Are enough young people pursuing RF engineering as a career? It’s a question that permeates the RF/microwave industry and continues to get louder. With wireless technology more entrenched in our lives than ever before, the industry will need a new wave of engineers focused on high-frequency technology. But as I mentioned in a previous column, is the RF/microwave industry doing enough to attract the next generation of engineers? And are colleges and universities adequately preparing engineering students to enter the RF field?
One college that’s doing its part to help foster the next generation of RF engineers is Queensborough Community College, one of seven community colleges within the City University of New York (CUNY) system. Queensborough Community College is located in Bayside, N.Y., a neighborhood in the New York City borough of Queens.
Now, perhaps you were surprised to hear the name “Queensborough Community College” as a place that’s focused on RF education. However, in terms of RF capabilities, I would be willing to say that Queensborough Community College, or QCC, has tools that aren’t available in many universities.
Much of the credit for how QCC promotes RF engineering goes to Enrique Haro, who is a senior CUNY lab technician and adjunct lecturer at QCC. Haro attended QCC himself and then started to work at the school in 2014 as a lab technician while pursuing his bachelor’s degree. After completing his degree, Haro began to teach at the school.
QCC already had a long history of providing students with hands-on lab experiments (Fig. 1). However, in terms of RF test equipment, the school previously only had rather old, low-frequency equipment. One of Haro’s goals was to create a lab with modern RF test instruments to give students a better hands-on experience. That meant bringing in newer and more advanced equipment.
1. This picture taken in 1965 shows QCC’s electrical laboratory in the technology building.
What gave Haro the motivation to upgrade the RF lab at QCC? “I attended the same school and I took the same class,” he says. “I wish that I could have had my hands on a spectrum analyzer, but for whatever reason we had only one. The instructor did the demonstration and then asked us if we understood. That was the best we could do for a demo, but I wished that I could get my hands on the equipment.”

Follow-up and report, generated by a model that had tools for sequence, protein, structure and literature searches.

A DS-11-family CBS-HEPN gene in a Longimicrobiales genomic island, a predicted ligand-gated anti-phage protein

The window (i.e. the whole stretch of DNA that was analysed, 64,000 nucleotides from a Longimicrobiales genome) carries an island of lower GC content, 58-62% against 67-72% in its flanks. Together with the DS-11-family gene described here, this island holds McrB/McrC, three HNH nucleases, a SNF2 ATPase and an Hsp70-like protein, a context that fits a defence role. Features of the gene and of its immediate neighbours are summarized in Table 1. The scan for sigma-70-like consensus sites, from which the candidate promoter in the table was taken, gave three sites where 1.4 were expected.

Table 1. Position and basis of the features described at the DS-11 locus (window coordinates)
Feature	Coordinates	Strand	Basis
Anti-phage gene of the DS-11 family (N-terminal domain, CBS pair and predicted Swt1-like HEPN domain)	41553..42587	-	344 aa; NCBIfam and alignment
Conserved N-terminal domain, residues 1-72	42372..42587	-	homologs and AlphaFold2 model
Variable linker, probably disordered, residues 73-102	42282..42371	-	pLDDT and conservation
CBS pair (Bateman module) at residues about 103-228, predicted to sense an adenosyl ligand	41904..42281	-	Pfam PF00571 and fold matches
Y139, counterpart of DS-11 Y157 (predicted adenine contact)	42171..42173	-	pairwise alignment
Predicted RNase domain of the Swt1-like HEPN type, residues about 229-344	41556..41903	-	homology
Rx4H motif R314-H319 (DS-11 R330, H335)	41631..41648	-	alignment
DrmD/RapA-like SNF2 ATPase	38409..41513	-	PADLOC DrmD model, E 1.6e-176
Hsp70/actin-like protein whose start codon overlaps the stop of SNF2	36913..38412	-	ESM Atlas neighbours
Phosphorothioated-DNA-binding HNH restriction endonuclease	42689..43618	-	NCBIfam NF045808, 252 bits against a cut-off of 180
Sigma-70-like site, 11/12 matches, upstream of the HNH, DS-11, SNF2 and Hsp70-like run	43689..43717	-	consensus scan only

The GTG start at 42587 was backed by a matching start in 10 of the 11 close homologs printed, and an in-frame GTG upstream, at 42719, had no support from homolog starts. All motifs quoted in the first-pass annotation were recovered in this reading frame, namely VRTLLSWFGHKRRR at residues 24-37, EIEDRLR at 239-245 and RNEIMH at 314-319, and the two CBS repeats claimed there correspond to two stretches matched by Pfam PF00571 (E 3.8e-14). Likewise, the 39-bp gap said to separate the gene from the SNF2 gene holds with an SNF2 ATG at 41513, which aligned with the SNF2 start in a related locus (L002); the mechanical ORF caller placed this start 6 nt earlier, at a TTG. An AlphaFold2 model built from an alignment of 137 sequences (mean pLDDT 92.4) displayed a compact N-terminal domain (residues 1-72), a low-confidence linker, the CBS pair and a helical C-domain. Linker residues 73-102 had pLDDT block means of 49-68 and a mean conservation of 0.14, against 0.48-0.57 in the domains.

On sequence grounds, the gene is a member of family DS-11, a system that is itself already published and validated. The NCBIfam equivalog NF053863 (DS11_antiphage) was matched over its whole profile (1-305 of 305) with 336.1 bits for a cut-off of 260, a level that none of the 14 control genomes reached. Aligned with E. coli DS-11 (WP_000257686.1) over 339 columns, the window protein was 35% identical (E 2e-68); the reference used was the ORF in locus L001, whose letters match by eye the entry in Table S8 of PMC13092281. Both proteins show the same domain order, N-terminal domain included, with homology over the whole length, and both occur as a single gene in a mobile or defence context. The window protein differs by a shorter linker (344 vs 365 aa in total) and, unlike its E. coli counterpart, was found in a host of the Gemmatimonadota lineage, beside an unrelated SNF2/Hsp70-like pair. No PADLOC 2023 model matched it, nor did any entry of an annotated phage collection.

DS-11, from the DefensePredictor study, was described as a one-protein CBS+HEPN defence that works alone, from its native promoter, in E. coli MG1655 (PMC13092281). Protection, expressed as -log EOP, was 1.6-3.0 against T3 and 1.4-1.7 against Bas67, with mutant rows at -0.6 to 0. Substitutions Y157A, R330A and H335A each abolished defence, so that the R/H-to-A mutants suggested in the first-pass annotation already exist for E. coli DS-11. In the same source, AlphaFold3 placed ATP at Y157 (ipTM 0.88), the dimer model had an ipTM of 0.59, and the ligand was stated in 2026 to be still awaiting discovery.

After Haro began teaching at QCC, he focused on bringing new equipment to the school. “I started to attend conferences and talk to field engineers from different companies because I needed to see what was out there,” he explains. “I understood that our program needed to be renewed. Our equipment only had capability up to a couple of MHz. You can only do so much with that. How were we not supporting microwave frequencies? So, we needed to bring up our curriculum to make it closer to what’s being used in the real world.”
Thanks to Haro’s efforts, QCC now has industry-standard test equipment with capability at microwave frequencies. Figure 2 shows some of the equipment that QCC has in its lab. Tektronix’s RSA306B real-time spectrum analyzer and TTR503A vector network analyzer (VNA) are both included in the setup. Also in the mix are a vector signal generator (VSG), arbitrary function generator (AFG), and oscilloscope—all from Tektronix, which is lending a helping hand to QCC.
2. Here’s some of the equipment in QCC’s lab that’s currently available to students.
“We want to prepare students for a career in RF engineering by focusing on hands-on labs and evaluations,” says Haro. “We provide students with RF equipment with capabilities typically found in the industry. In this regard, we built our RF lab with VSGs, VNAs, dual-channel AFGs, and real-time spectrum analyzers.”